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Discussion Starter · #7 · (Edited)
I do like the CTS (and CTS-V, obviously), the new Malibu, and the ZR1 (but please GM, upgrade the interior of the Vette).

I saw the spyshot photos of the new Cruze, and I like what I saw (it's Korean made, no?).

As for my RX-8, it's been absolutely trouble free. Not one problem; not even a tiny one. You can trail me, and you won't see even the tiniest puff of smoke, in any color. It's the best handling car I've ever owned by far, and with the 6 speed, although lacking torque, it moves rapidly in the 7k to 9.5k rpm range. It also has a nicely balanced ride as an everyday driver, given its outstanding handling.

Don't forget that the rotary engine is designed to consume some oil (I've been adding about 1/4 of a quart every 1500 miles), and the new motor has a computerized oil metering pump that injects oil at specific times and RPMs. Even with this design, Mazda was able to meet 50 state emissions standards, so they've single-handedly kept the rotary alive.

There are some problems with the early build motors (04 model year especially) with automatic transmissions in hot climates.

This is probably because the auto (which is less powerful than the manual) only has one oil cooler, compared to the two oil coolers that come standard with the manual. With the wankel, it's important to keep the oil as cool as possible (heat soak can become a problem).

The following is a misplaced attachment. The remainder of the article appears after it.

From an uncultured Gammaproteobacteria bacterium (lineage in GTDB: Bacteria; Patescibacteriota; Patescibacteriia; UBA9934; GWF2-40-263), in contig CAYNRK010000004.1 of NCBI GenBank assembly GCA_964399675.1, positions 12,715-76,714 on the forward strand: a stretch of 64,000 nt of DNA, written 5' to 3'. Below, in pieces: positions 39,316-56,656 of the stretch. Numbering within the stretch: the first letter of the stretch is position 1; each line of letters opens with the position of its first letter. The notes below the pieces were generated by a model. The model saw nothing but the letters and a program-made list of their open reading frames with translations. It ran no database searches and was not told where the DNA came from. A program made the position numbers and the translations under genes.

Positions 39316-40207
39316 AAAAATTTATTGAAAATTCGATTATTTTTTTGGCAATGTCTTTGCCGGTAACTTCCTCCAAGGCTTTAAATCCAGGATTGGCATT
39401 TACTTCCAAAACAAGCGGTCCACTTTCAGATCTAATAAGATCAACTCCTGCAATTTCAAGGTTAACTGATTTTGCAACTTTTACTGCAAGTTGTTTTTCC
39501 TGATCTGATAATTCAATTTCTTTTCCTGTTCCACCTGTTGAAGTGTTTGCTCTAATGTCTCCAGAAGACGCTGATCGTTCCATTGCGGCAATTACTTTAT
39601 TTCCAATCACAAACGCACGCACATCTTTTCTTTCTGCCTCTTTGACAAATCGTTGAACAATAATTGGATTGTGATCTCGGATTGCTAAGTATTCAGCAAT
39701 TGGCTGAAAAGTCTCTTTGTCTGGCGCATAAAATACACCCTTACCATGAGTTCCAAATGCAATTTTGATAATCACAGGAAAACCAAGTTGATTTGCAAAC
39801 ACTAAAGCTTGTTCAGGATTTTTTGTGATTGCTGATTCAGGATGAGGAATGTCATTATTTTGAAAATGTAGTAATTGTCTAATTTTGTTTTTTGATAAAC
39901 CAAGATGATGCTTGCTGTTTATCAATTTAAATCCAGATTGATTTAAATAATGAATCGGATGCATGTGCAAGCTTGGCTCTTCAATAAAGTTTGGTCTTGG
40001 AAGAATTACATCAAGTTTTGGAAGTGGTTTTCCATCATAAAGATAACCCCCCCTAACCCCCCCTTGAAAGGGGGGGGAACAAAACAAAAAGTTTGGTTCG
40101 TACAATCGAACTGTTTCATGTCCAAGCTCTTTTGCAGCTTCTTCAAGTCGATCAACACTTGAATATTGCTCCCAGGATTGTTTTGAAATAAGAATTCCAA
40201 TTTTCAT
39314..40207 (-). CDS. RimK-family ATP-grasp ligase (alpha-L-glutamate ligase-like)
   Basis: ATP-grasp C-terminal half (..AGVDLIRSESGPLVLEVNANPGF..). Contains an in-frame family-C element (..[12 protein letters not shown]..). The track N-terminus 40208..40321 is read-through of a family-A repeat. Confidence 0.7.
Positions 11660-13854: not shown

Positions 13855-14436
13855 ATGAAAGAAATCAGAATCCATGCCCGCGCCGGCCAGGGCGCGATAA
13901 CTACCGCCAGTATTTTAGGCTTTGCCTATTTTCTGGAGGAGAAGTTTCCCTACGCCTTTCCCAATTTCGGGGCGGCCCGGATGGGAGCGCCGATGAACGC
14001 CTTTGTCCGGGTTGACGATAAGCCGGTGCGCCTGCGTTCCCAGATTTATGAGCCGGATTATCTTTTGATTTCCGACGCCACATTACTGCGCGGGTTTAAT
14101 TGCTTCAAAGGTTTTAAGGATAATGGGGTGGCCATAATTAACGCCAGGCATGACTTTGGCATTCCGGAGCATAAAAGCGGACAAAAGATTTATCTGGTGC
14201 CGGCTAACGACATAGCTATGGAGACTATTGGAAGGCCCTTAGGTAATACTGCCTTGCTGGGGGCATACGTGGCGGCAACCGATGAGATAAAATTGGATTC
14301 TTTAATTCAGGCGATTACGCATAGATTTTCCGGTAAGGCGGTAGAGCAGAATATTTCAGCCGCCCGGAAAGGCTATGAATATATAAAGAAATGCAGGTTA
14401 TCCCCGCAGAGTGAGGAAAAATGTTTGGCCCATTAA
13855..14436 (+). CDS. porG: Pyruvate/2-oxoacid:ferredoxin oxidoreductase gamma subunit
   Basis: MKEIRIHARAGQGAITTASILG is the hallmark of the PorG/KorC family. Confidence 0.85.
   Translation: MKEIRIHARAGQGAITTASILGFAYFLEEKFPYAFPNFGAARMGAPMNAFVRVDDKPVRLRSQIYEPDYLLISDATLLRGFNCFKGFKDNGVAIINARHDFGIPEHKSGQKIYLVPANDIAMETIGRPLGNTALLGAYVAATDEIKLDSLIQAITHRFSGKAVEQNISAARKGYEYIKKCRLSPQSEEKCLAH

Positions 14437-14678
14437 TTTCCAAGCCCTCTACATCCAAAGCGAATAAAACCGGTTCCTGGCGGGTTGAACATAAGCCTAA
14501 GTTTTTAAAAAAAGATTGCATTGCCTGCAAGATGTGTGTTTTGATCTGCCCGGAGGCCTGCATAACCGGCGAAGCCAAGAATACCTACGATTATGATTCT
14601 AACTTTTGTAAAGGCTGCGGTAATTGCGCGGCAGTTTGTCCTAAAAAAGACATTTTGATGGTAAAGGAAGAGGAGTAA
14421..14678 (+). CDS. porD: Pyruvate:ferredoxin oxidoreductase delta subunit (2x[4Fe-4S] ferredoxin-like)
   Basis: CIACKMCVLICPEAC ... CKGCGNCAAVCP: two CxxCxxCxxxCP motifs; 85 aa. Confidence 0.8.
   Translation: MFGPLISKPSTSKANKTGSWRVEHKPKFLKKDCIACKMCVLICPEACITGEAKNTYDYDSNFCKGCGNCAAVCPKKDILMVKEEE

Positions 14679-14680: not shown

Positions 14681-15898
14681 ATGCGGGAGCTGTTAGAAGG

Mazda did extend everyones engine warranty to 8 years/100k miles which was good of them.

If you want to know more about the RX8 or the rotary, my screen name is the same over at http://www.rx8club.com/

I've thought of buying a Pontiac G8 GT when I need a sedan, and am going to wait until the LS3 motor version comes out before I test drive it.
 

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My brother has a 2002 Hyundai that sucked. At least they fixed it for free! I just noticed that at 60,000 miles, that car drove worse than my Traiblazer did with 120,000 miles. I know it's not a fair comparison given the price difference, but the Hyundai did get louder, rougher, and looser in the way that it rode/drove as it aged.

Maybe one day I'll try Hyundai, but I'm still a little skeptical...and now that other brands offer similar warranties, it's a good thing that their newer products are actually appealing.

I really like the new Sonata and the new Elantra, but there is stiff competition for both of those cars.
The new Elantra especially is an attractive buy. The new gains in fuel economy is important.
 

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Well, GM is doing great business exporting Korean-made Daewoos as Chevrolets to every part of the world except the US. However that doesn't do much for US-based manufacturing.